Concept: Optical microscope
Mobile phone microscopes are a natural platform for point-of-care imaging, but current solutions require an externally powered illumination source, thereby adding bulk and cost. We present a mobile phone microscope that uses the internal flash or sunlight as the illumination source, thereby reducing complexity whilst maintaining functionality and performance. The microscope is capable of both brightfield and darkfield imaging modes, enabling microscopic visualisation of samples ranging from plant to mammalian cells. We describe the microscope design principles, assembly process, and demonstrate its imaging capabilities through the visualisation of unlabelled cell nuclei to observing the motility of cattle sperm and zooplankton.
Optical microscopes have for centuries been our window to the microscopic world. The advent of single-molecule optics over the past few decades has ushered in a new era in optical imaging, partly because it has enabled the observation of motion and more recently structure on the nanoscopic scale through the development of super-resolution techniques. The large majority of these studies have relied on the efficient detection of fluorescence as the basis of single-molecule sensitivity. Despite the many advantages of using single emitters as light sources, the intensity and duration of their emission impose fundamental limits on the imaging speed and precision for tracking studies. Here, we discuss the potential of a novel imaging technique based on interferometric scattering (iSCAT) that pushes both the sensitivity and time resolution far beyond what is currently achievable by single-emitter-based approaches. We present recent results that demonstrate single-molecule sensitivity and imaging speeds on the microsecond timescale.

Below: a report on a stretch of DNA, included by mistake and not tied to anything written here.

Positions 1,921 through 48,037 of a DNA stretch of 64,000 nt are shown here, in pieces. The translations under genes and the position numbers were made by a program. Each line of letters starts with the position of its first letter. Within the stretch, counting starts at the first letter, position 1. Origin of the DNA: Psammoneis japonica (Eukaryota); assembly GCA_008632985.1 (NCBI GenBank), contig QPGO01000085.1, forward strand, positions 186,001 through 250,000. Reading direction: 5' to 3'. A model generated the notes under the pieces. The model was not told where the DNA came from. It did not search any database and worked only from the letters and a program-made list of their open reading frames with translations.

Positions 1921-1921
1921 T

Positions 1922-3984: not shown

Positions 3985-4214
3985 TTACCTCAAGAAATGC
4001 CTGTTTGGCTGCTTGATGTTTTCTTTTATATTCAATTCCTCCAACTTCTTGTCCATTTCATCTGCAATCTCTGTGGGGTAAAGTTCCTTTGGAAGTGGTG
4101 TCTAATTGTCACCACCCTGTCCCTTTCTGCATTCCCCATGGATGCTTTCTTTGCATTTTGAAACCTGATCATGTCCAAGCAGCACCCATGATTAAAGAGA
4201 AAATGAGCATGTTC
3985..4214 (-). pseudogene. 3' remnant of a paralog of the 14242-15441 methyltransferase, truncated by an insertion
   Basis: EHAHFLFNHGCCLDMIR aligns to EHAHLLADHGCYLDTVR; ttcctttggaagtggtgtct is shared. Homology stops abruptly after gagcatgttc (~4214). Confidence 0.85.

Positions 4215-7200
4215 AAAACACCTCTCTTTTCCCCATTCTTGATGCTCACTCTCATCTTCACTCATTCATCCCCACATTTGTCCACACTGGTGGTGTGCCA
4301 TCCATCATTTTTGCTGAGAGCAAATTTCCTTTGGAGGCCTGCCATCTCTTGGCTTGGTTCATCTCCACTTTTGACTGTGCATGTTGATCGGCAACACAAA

In optical microscopy, fine structural details are resolved by using refraction to magnify images of a specimen. We discovered that, by synthesizing a swellable polymer network within a specimen, it can be physically expanded, resulting in physical magnification. By covalently anchoring specific labels located within the specimen directly to the polymer network, labels spaced closer than the optical diffraction limit can be isotropically separated and optically resolved, a process we call expansion microscopy (ExM). Thus, this process can be used to perform scalable super-resolution microscopy with diffraction-limited microscopes. We demonstrate ExM with apparent ~70 nm lateral resolution in both cultured cells and brain tissue, performing three-color super-resolution imaging of ~10(7) μm(3) of the mouse hippocampus with a conventional confocal microscope.